Big slump in family planning funds

Posted: 4 April 2006

Funding for family planning has dropped precipitately in the last decade,and now makes up only 10 per cent of all population-related assistance, compared to more than half in 1994, the United Nations was warned yesterday.

More funding is urgently needed to enable 200 million women in developing countries to exercise their human right to determine the size of their families, says Thoraya Ahmed Obaid, Executive Director of UNFPA, the UN Population Fund.

Without these services, the numbers of unwanted pregnancies and abortions will continue to rise and the lives of women and children as well as the Millennium Development Goals would be put at risk, she told the UN Commission on Population and Development.

Even though donor assistance to population issues has doubled in the past five years,she said, "funding for international family planning has dropped from more than half of all spending on population assistance to less than 10 per cent." This slide occurred between 1995 and 2004.

Shift to AIDS funding

Despite the general increase in overall population assistance, Ms. Obaid warned that its current level was insufficient for today's needs. Also, the majority of resources are mobilised by a few major donors, with a pronounced shift towards funding for HIV/AIDS at the expense of other vital population work, such as family planning.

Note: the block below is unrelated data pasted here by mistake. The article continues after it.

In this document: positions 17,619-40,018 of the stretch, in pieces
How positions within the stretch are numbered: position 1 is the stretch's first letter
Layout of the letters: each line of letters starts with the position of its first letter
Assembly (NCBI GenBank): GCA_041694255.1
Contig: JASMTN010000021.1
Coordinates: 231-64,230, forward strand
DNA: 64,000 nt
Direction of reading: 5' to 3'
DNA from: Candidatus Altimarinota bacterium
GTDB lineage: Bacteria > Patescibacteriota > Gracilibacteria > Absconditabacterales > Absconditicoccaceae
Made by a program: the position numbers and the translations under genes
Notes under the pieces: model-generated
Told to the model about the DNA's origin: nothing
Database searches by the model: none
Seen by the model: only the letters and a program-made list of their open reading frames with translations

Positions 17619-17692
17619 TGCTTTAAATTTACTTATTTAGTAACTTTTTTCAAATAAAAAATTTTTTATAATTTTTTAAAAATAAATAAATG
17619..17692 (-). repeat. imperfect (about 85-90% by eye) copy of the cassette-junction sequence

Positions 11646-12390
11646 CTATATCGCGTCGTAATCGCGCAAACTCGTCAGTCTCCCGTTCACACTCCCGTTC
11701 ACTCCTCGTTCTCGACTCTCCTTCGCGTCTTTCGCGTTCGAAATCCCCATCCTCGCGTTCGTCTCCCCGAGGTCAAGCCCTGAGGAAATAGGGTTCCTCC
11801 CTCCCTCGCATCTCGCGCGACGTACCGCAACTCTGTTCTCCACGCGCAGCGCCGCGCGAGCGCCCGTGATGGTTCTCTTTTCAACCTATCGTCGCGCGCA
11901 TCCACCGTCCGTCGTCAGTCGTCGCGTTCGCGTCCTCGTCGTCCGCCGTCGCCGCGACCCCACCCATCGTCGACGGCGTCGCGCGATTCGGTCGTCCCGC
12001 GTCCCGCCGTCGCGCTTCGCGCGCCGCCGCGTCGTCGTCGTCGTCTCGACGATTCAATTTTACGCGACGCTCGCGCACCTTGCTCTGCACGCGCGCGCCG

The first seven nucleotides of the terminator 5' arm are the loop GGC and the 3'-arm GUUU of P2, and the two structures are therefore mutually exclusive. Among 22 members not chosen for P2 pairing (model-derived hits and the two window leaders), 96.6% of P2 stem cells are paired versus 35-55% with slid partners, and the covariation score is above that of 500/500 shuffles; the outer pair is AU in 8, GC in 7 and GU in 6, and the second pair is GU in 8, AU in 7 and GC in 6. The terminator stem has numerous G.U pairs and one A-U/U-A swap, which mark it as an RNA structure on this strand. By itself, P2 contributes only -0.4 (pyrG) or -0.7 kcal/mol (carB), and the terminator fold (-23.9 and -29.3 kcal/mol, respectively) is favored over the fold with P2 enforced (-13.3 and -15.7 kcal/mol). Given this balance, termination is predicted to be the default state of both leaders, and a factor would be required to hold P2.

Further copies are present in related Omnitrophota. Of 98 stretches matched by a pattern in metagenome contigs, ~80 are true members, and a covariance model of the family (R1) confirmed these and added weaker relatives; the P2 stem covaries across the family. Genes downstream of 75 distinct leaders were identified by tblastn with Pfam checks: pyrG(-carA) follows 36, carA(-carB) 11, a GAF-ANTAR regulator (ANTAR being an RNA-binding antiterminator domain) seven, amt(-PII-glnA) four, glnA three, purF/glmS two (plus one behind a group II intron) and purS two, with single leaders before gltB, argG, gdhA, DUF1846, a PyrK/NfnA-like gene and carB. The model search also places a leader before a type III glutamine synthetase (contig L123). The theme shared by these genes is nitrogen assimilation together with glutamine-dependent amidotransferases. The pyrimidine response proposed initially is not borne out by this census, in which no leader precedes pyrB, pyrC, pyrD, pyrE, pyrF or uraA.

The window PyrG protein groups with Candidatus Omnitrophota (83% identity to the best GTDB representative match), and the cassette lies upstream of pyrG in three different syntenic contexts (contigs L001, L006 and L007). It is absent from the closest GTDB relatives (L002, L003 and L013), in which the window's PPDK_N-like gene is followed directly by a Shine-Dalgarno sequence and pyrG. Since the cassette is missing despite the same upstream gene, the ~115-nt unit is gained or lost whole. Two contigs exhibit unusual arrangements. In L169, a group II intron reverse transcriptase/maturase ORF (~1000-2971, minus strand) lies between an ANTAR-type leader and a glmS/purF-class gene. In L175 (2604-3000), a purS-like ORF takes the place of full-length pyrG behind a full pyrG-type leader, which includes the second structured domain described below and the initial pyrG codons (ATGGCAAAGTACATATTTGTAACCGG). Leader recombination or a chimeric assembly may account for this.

Financing for population issues affects international migration flows, said Ms. Obaid. "Today, the highest unmet need for family planning is in sub-Saharan Africa, where one in four married women wants to use family planning, but has no access to these services." These, she noted, "are the same countries with the highest rates of poverty and population growth, factors that often lead people to migrate".

Women comprise almost half of the world's international migrants, said Ms. Obaid, and many of them risk gender discrimination, violence, and abuse, or, in the worst cases, fall victims of ruthless traffickers. This creates "an urgent need to integrate gender and human rights into migration policies and for nations to work together to curb trafficking and bring traffickers to justice."

Ms. Obaid also noted the severe shortage in many countries of health workers who have migrated to industrialized nations, which is "particularly devastating for countries most affected by HIV/AIDS." Receiving countries can help by directing parts of their development assistance towards education and training in general, and health sector workers in particular, in countries from which they draw migrants.